HARRISON TOWNSHIP, MICHIGAN – They didn’t post the fastest times, yet Friday, March 31, was still a rock-solid victory for a dozen Wayne State students at Lake St. Clair Metroparks.
Racing in the Eastern Great Lakes regionals of the Concrete Canoe Competition, Wayne State’s team was delighted with the performance of its 280-pound nautical vessel.
“We’re happy with the times because we didn’t know what to expect,” said senior co-captain Knicko Mojica. “This was our first time taking the boat on to the water, so, honestly, we’re pretty happy with how it all went.”
Nearly 400 students and supporters gathered on the banks of Lake St. Clair to witness the races and cheer on the competitors. The event – sponsored by the American Society of Civil Engineers (ASCE) and hosted by Wayne State – featured 12 teams from Michigan and Ohio that showed their engineering excellence, hydrodynamic design, racing technique and, of course, concrete canoes.
The all-day event included buoyancy testing and culminated with the men’s and women’s 200-meter slalom races. This was the first time in three years that Wayne State entered a boat into the regional event.
Despite the damp and dreary weather, Wayne State professor Bill Shuster, Ph.D., was beaming with pride.
“This is inspiring,” said Shuster, chair of the civil and environmental engineering department and faculty advisor for the school’s ASCE student chapter. “I get a lot of energy from the students, and we’re hitting it out of the park. We’re an urban-serving university and there’s no better place to meet the challenge than at Wayne State.
“What an effort it’s been in hosting this event, but what a joy to see everybody coming together having such a good time and celebrating what it is to be an engineer.”
Shuster, who spent 17 years as a research hydrologist with the Federal Environmental Protection Agency in Cincinnati, said a great deal of planning and design went into making the canoes buoyant and fast.
“There is some complex interaction with about 5% air in there, and you have buoyancy and surface tension, all kind of interacting to support what seems to be an impossible boat to float,” he said. “But sure enough, the ingenuity of the student designers and good, solid principles of construction materials are all practiced to keep the boat light and floatable.”
Although each team devoted months of preparation for Friday, there was some heartbreak. Ohio Northern University and Ohio University suffered catastrophic structural damage to its canoes and never made it to the starting line. Another vessel, piloted by the University of Cincinnati, capsized during the women’s race. The Macomb County Sheriff Marine Division pulled the two Bearcats out of the water and Wayne State volunteers dragged the canoe to shore.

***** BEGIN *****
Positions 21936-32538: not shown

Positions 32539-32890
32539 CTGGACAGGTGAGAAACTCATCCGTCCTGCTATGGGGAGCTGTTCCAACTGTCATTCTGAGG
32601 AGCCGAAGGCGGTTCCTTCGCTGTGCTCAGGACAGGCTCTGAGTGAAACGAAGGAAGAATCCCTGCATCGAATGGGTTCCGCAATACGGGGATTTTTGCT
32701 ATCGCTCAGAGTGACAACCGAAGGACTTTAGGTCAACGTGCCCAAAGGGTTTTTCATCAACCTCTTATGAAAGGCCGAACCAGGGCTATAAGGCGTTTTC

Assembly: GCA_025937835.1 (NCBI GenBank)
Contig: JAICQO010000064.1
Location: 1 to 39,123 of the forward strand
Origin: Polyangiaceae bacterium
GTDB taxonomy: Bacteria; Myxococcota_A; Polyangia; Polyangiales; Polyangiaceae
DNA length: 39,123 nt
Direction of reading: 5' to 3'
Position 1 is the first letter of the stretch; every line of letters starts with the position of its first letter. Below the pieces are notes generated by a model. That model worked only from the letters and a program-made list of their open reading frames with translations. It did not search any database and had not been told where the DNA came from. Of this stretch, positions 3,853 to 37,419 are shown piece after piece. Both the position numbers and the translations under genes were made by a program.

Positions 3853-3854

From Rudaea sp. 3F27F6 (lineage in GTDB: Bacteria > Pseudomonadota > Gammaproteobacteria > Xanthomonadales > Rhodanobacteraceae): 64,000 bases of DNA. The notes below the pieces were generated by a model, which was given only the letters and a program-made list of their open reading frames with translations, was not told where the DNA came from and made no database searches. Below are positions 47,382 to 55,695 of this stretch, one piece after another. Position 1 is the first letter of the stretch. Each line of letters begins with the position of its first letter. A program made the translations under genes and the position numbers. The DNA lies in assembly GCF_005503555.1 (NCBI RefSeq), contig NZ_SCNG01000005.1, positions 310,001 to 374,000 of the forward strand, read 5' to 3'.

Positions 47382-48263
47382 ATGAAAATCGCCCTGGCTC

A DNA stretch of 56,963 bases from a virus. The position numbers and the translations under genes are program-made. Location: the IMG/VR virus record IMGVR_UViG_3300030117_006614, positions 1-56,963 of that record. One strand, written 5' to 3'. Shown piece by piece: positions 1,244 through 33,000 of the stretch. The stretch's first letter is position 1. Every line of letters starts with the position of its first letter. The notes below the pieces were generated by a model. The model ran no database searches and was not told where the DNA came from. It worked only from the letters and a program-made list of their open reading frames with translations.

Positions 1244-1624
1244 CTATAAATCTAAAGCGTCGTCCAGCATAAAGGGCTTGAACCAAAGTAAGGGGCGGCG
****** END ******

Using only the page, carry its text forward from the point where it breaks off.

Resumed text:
Youngstown State University took first place in both men’s (2:17.13) and women’s (2:30.60) races.
Wayne State’s women were led by senior Logan Ballard of White Lake and junior Grace Gutierrez of Wyandotte, who crossed the finish line in 4:44.25. The men were guided by juniors Kennedy Taylor of Detroit and Kelvin Selegean of Clinton Township, who finished in 4:52.15.
Other members of Wayne State’s team who played critical roles included seniors Bayaan Odeh, of Plymouth; Koleta Barauskas, of Clawson; co-captain Ebby Alhakam, of Dearborn Heights; and juniors Samuel Stafford, of Grosse Pointe; Ellen Pierce, of Sterling Heights; Noah Richendollar, of Belleville; and Timothy Kosinski, of Wyandotte.
Though they finished in fourth and seventh place in the women’s and men’s races, respectively, Mojica, a Warren native, was thrilled with the outcome of the Warriors’ efforts, which began with the planning stages last September.
“We came in with no expectations, and obviously we had no prior experience,” he said. “I think we have come a long way. It definitely wasn’t a straight line. There were times when we thought it was going so well, and then there were times when we were questioning whether or not we would make it to the water. But being here and seeing how it went for some of the other schools, it’s a great feeling for us.”
For Shuster, watching his students achieve success with their concrete canoe gives him hope for things to come in the future.
“Our civil and environmental engineering students – across all of these universities – are the folks that will be building, rebuilding and restoring our infrastructure,” he said. “I think we all understand that we have serious infrastructure issues, so based on what I see here, it’s incredible to see them practicing all of these basic core skills to complete a floatable project.
“In one way or another, core skills have been practiced in this project to bring it all together and this is what these engineers will be doing every day for us as a society. These are the folks we’re going to depend on.”
An urban-serving university, @WayneStateEng hosted nearly 400 students at the @ASCETweets Concrete Canoe Competition, racing their 280-pound nautical vessel along Lake St. Clair. https://t.co/hzxJXEnvlC— Wayne State News (@WayneStateNews) April 3, 2023
Here are the final results from Friday’s men’s and women’s 200-meter slalom races:
The Men’s Race
1. Youngstown State University, 2:17.13
2. Michigan Technological University, 2:30.15
3. University of Michigan, 3:17.65
4. Western Michigan University, 3:40.12
5. Lawrence Technological University, 4:17,71
6. University of Akron, 4:50.15
7. Wayne State University, 4:52.15
8. University of Cincinnati, 5:23.04
9. University of Toledo, 5:45.55
10. Ohio State University, 11:21.80
The Women's Race
1. Youngstown State University, 2:30.60
2. Michigan Technological University, 2:40.12
3. University of Michigan, 4:01.11
4. Wayne State University, 4:44.25
5. University of Akron, 5:03.22
6. Western Michigan University, 7:30.18
7. Lawrence Technological University, 9:26.99
8. Ohio State University, 14:02.75
9. University of Toledo, 14:38.55
10. University of Cincinnati, DQ